Probe faults premium travel by former EPA head, bodyguards


WASHINGTON (AP) — The Environmental Protection Agency’s internal watchdog urged the agency on Thursday to look into recovering $124,000 in premium travel charges for former EPA head Scott Pruitt and his bodyguards. The EPA’s inspector general rejected Pruitt’s claims that security concerns warranted the first- and business-class travel at taxpayer expense.

The findings provided a rare public resolution to one in a long series of ethics allegations that led to Pruitt’s resignation last July. The EPA inspector general had ended some previous investigations, including one of his $50-a-night condo deal with the spouse of a lobbyist, without making a ruling, saying Pruitt’s resignation had made it impossible for investigators to interview him.

The travel questioned by the watchdog office included $16,000 in premium-class travel to Morocco and 16 trips that were either directly to or stopping in Pruitt’s hometown of Tulsa, Oklahoma.

Calls to an Oklahoma number for Pruitt went unanswered Thursday.

Pruitt previously had denied allegations that he indulged in fancy goods and travel at government expense and abused his office to gain sports tickets and other favors for himself and his family.

House Votes to Strike Down Biden's 'EV Mandate' as 5 Democrats Side with Republicans

The EPA, now led by former coal lobbyist Andrew Wheeler, disputed many of the watchdog office’s findings. It said in a statement that it believes the premium-class travel was warranted and allowed by the rules and that reimbursement would be “inappropriate.”

Cleta Mitchell, an attorney and associate of Pruitt’s who sometimes speaks on his behalf, noted that EPA officials authorized and supported the expenditures and Pruitt’s handling of them, despite the opposing conclusion from the agency’s separately funded watchdog officers.

“The agency in its review unequivocally concluded and determined that all costs associated with airfare and travel in the report were valid and proper, and appropriately, there is no action required to recover any costs,” Mitchell said in a statement.

The inspector general looked at 40 trips, including six that were canceled, at a total cost of $985,000. The sum included $430,000 for travel by Pruitt’s security detail alone. Pruitt was the first EPA chief to require permanent round-the-clock protection, including having a bodyguard with him when he traveled in the premium front cabins of commercial planes.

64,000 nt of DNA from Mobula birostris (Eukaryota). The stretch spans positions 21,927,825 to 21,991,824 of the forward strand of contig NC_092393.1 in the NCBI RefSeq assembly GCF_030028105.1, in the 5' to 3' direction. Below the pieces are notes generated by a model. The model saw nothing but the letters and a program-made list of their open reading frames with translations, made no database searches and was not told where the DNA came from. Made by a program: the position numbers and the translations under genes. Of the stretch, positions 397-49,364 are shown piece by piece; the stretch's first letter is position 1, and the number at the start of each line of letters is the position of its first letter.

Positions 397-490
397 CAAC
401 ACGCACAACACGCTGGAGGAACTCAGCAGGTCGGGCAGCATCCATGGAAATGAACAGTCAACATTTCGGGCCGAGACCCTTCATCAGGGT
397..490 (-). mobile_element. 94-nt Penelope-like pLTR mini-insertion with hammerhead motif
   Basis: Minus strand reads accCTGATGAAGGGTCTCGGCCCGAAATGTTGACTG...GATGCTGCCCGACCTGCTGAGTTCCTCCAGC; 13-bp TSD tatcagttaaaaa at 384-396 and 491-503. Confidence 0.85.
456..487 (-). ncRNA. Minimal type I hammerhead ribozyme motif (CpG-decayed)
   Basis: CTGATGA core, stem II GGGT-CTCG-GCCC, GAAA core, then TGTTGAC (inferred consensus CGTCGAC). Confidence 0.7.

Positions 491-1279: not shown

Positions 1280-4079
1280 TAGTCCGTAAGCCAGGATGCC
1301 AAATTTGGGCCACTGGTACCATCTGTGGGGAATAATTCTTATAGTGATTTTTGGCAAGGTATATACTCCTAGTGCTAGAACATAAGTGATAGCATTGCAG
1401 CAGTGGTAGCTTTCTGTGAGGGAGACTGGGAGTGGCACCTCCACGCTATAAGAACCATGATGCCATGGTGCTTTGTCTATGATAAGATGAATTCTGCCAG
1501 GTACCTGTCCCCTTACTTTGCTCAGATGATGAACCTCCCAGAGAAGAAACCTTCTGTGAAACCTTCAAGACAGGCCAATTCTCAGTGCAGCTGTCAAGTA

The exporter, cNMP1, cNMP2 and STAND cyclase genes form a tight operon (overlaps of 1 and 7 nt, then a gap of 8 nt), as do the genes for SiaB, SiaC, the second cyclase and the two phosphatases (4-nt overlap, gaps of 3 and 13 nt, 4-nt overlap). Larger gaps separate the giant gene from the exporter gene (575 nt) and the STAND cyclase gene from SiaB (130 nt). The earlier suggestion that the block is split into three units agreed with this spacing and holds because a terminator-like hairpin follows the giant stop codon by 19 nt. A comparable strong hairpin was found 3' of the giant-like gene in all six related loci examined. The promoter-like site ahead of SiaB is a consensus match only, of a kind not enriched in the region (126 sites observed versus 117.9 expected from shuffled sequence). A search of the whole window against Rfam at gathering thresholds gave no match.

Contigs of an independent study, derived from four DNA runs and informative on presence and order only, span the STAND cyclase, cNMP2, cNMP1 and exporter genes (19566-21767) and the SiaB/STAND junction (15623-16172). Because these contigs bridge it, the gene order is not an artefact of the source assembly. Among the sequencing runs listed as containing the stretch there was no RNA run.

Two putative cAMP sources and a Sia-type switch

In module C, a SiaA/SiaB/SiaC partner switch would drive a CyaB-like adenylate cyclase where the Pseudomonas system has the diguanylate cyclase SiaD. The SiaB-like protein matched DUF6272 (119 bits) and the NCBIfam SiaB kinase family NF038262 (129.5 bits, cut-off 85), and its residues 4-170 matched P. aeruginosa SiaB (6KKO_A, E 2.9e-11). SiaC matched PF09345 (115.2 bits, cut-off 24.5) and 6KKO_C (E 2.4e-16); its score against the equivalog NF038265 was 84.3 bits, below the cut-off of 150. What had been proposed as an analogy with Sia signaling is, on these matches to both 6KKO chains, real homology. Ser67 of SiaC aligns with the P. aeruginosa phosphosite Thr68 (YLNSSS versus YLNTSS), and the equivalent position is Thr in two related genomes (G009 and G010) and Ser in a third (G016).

Pruitt’s unusual security cautions had also featured tactical clothes and gear for his guards, motorcade travel to Washington appointments, sometimes with sirens blaring, and a $43,000 soundproof booth for his calls at the EPA office.

The inspector general’s report said the EPA failed to document any specific threats that warranted the high level of protection and noted that “the agency could not provide documentation to support that the former Administrator’s life was endangered when flying coach class.”

Investigators recommended that the EPA tighten its travel procedures to guard against any fraud and wasteful spending.

Some of the Democratic senators pushing hardest for investigations of ethics allegations involving Pruitt and other members of President Donald Trump’s Cabinet urged the administration to increase oversight of travel and “take every step needed” to try to recover the money.

“Resigning in disgrace shouldn’t let you off the hook for unprecedented unethical behavior, and the latest report released by the OIG today confirms that,” Sens. Tom Carper of Delaware and Sheldon Whitehouse of Rhode Island said in a statement, referring to the EPA Office of the Inspector General.

Former MLB All-Star Deported After Felony Conviction


Associated Press writer Michael Biesecker contributed to this report.

The Western Journal has not reviewed this Associated Press story prior to publication. Therefore, it may contain editorial bias or may in some other way not meet our normal editorial standards. It is provided to our readers as a service from The Western Journal.

Truth and Accuracy

Submit a Correction →

We are committed to truth and accuracy in all of our journalism. Read our editorial standards.

The Associated Press is an independent, not-for-profit news cooperative headquartered in New York City. Their teams in over 100 countries tell the world’s stories, from breaking news to investigative reporting. They provide content and services to help engage audiences worldwide, working with companies of all types, from broadcasters to brands. Photo credit: @AP on Twitter
The Associated Press was the first private sector organization in the U.S. to operate on a national scale. Over the past 170 years, they have been first to inform the world of many of history's most important moments, from the assassination of Abraham Lincoln and the bombing of Pearl Harbor to the fall of the Shah of Iran and the death of Pope John Paul.

Today, they operate in 263 locations in more than 100 countries relaying breaking news, covering war and conflict and producing enterprise reports that tell the world's stories.
New York City